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The Care Certificate Background

The Care Certificate was launched in April 2015 for support workers across health and social care in England.


Following the Francis Inquiry, Camilla Cavendish was asked by the Secretary of State to review and make recommendations on the recruitment, learning and development, management and support of healthcare assistants and social care support workers.

The resulting report, published in July 2013, found that the preparation of healthcare assistants and social care support workers for their roles within care settings was inconsistent, and one of the recommendations was the development of a fundamental certificate of care.

The Review recommended that the certificate should:

  • be applicable across health and social care,
  • be portable between roles, and transferable between employers,
  • build upon the existing and tested Common Induction Standards (CIS) and National Minimum Training Standards (NMTS),
  • encourage quality and consistency of delivery by being prescriptive about observation and assessment in the work place,
  • works with, and as part of, existing qualifications,
  • equip people with the skills and knowledge to be able to provide quality care, and test their capacity to be caring.

Health Education EnglandSkills for Care, and Skills for Health, have worked together to develop the Care Certificate. The Certificate has been designed to meet the requirements set out in the Cavendish Review.

The Care Certificate was field tested with a range of employers across health and social care to ascertain whether the content and delivery of the Care Certificate is effective and fit for purpose. The content of the documents above were tested and an evaluation report completed.

A wide range of employers and staff were engaged with the testing of the Care Certificate, the majority concluding that no radical revisions were necessary. We engaged in a number of ways:

  • The formal pilot included 29 organisations across health and social care.
  • Over 85 further employers have tested the Certificate with over 1,000 appropriate staff.
  • 80 individuals/organisations responded via email.
  • 100 responses were made to the Skills for Care online survey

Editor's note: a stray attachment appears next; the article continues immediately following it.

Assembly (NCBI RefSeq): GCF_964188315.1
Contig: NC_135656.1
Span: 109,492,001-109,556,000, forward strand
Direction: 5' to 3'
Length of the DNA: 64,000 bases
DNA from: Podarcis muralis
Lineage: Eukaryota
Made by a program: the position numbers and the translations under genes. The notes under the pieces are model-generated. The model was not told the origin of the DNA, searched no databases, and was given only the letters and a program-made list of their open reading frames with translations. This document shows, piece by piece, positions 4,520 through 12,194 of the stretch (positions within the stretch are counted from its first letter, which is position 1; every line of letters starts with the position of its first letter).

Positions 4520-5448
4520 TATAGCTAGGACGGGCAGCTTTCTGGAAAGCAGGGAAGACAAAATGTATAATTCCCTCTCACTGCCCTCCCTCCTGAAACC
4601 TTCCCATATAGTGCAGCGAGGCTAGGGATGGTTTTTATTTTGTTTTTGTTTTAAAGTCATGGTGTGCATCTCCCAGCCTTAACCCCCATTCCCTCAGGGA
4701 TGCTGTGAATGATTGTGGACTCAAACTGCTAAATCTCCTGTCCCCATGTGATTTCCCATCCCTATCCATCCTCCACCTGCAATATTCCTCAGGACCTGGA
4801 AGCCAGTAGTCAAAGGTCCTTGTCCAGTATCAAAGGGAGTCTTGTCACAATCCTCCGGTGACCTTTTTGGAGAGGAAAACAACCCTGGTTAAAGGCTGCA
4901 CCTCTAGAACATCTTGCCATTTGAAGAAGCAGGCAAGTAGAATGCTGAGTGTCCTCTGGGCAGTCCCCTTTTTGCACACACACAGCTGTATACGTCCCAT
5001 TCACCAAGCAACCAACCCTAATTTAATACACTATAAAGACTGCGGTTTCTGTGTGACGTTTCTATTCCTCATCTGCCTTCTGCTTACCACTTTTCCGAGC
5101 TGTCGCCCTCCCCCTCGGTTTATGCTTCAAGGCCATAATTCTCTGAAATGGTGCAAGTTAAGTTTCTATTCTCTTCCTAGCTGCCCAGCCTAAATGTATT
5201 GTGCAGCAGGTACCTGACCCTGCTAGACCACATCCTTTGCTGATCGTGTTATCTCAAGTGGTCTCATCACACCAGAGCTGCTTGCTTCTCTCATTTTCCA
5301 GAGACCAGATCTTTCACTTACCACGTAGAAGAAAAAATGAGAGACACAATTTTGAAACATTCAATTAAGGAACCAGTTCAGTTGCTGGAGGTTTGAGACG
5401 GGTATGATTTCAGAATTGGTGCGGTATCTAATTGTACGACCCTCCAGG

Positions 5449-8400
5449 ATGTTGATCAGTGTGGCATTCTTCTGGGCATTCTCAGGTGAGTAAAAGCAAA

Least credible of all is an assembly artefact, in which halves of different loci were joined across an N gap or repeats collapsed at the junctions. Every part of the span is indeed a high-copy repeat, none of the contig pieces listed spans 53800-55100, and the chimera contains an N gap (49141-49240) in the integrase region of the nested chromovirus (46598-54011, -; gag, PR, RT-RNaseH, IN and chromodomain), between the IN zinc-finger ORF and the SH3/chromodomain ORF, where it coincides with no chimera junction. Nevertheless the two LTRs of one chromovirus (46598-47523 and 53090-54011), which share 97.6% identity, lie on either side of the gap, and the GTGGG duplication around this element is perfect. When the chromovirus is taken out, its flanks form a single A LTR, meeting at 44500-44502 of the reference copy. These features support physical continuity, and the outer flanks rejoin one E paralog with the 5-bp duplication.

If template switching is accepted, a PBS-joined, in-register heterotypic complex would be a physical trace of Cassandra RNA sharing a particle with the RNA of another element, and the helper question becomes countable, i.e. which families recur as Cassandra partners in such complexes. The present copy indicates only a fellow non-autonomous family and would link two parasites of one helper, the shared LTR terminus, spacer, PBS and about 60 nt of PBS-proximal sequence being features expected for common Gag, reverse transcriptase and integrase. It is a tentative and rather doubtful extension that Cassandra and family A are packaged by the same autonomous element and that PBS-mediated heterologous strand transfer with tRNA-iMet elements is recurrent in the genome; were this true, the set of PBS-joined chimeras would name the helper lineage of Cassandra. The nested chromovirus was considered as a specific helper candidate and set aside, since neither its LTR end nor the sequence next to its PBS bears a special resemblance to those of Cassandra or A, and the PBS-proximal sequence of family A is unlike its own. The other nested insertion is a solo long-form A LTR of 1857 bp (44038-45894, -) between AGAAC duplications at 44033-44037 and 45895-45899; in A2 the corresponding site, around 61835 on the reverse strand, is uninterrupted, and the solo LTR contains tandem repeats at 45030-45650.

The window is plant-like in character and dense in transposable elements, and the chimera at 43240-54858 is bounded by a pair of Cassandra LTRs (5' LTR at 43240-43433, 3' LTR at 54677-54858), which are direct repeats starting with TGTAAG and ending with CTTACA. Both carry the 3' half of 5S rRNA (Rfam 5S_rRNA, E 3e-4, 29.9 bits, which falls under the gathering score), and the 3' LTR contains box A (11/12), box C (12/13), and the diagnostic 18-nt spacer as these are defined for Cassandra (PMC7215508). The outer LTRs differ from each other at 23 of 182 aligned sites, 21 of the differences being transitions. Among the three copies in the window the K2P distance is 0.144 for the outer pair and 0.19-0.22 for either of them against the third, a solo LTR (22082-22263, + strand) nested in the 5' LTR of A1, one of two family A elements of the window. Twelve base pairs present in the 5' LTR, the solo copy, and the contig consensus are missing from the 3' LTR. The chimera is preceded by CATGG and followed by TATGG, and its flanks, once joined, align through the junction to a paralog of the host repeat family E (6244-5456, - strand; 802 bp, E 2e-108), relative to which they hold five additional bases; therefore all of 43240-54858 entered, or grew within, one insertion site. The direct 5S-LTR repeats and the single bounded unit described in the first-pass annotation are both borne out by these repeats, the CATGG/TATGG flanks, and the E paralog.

Analysis of the feedback that we received indicated that the draft proposals for the Care Certificate were about right in terms of content and process. Health Education England, Skills for Care and Skills for Health made a number of recommendations which were agreed by the Department of Health’s Governance Assurance Board. These included:

  • The 15 standards should remain, subject to some amendments.
  • Individuals will need to complete all 15 standards to be awarded the Care Certificate.
  • The Care Certificate should be prioritised by employers for “new staff, new to care”.
  • Twelve weeks would remain as the guidance timeframe for a full-time individual to complete the Care Certificate.
  • The minimum level for quality assurance of the Care Certificate, and the certification itself, will be the responsibility of employers
  • In addition to events and workshops, a suite of materials would be made freely available for employers to download and use to support them in implementing the Care Certificate.

The Care Certificate was rolled out to new starters in health and social care in April 2015. It replaces the Common Induction Standards and the National Minimum Training standards and materials to support employers to prepare for the Certificate, including the revised standards and guidance, are now available.

If you would like to follow or join in conversations about the Care Certificate on Twitter, please follow and use the hashtag #CareCert.

 

 

 

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